By John McElligott, MD
An allergy is an immune response or reaction to substances like flowers, trees, food or even bee stings that are usually not harmful or dangerous. If you are a truck driver and in and out of the truck all the time, seasonal or other types of allergies can be vexing. In addition, they can pose some problems specific to the medical requirements of your job.
I have spring allergies to pollen. What is the best medication to use to get me through this? Do you have tips that will help me? Is most allergy relief medication on the “knock out meds” list?
We’ve waited all winter for warm weather. When you’re rolling down the highway, all that green out there is nice to see, but those of you who suffer from allergies can be pretty miserable.
In my opinion, the best non-drowsy medication is over-the-counter Zyrtec or Claritin. The tips I would give you are these: You must get started with these meds in the early spring, like the first of March. Wash your hair, eyes, nose every morning and evening in order to get rid of the pollen. I know this sounds like a lot of work, but if you have pets they must be de-pollenized as well. This is especially important if you have one in the truck with you all the time.
If you have other seasonal allergies, you must do the same.
I am a driver who is severely allergic to peanuts. I am really careful and never had a reaction happen in the truck, but I carry an EpiPen. My longtime physician, who is aware of this and has not disqualified me as a driver, prescribes my EpiPen. Could I lose my CDL over this with the new medical registry system?
This is a good question. Before I venture an answer, the question I would ask you is: Do you have any warning symptoms? If so, do you have time to stop and give yourself the EpiPen? If you tell me that the answer is yes and you have plenty of warning time, then I would give you a medical card for one year.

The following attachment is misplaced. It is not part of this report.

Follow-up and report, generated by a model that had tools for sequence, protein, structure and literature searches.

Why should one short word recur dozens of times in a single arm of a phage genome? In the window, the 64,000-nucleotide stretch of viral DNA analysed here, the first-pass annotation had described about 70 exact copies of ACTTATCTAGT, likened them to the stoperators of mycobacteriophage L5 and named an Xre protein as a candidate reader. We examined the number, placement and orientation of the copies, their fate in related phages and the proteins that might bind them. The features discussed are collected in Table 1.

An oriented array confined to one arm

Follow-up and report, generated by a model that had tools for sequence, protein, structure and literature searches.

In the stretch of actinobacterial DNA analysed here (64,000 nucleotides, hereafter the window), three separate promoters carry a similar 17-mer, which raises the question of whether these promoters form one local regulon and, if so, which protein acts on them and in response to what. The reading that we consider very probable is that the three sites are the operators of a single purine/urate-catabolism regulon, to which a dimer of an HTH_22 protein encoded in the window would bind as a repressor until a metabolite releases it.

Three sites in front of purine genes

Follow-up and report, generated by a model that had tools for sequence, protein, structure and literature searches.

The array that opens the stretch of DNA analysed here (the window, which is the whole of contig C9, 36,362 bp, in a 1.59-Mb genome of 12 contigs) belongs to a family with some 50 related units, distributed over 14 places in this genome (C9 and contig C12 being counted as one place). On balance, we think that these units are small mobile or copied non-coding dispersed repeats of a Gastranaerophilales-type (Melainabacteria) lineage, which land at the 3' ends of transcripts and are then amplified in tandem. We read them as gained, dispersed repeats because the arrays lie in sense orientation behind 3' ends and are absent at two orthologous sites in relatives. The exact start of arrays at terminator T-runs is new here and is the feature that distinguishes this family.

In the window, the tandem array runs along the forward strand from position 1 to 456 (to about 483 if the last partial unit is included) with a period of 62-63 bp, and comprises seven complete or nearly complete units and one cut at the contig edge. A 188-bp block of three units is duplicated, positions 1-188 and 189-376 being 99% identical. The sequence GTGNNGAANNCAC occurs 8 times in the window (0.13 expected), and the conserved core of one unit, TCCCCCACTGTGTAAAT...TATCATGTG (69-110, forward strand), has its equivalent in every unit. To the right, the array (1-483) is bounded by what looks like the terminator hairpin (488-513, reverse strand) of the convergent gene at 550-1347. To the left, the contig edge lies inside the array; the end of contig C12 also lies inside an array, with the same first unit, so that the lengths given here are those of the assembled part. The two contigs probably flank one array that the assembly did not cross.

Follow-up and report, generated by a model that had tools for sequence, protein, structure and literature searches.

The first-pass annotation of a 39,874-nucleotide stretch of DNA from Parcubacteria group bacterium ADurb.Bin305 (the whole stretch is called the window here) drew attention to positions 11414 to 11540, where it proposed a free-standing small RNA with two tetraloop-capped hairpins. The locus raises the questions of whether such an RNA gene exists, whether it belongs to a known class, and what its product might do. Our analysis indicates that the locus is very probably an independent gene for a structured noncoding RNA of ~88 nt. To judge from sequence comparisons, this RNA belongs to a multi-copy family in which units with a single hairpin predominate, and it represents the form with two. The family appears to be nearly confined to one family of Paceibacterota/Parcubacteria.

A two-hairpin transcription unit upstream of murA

Unfortunately, if your answer is no, and you have very little time before you are in full reaction, then I would not issue a card.
For those of you who don’t know what an EpiPen is, it’s an epinephrine autoinjector. It delivers a measured dose of epinephrine with a small needle and is used for the treatment of acute allergic reactions to avoid or treat the onset of anaphylactic shock. LL
John McElligott is an MD, Fellow of the American College of Physicians, and medical director of the St. Christopher Trucker Development and Relief Fund. Jeff Heinrich, who serves as the column's medical editor, has a Doctor of Education degree and is Physician Assistant Certified.
This column is the opinion of the writer and does not necessarily reflect the opinions of Land Line Magazine or its publisher. Please remember everyone's health situation is different. If you have questions regarding medical issues, consult your personal physician.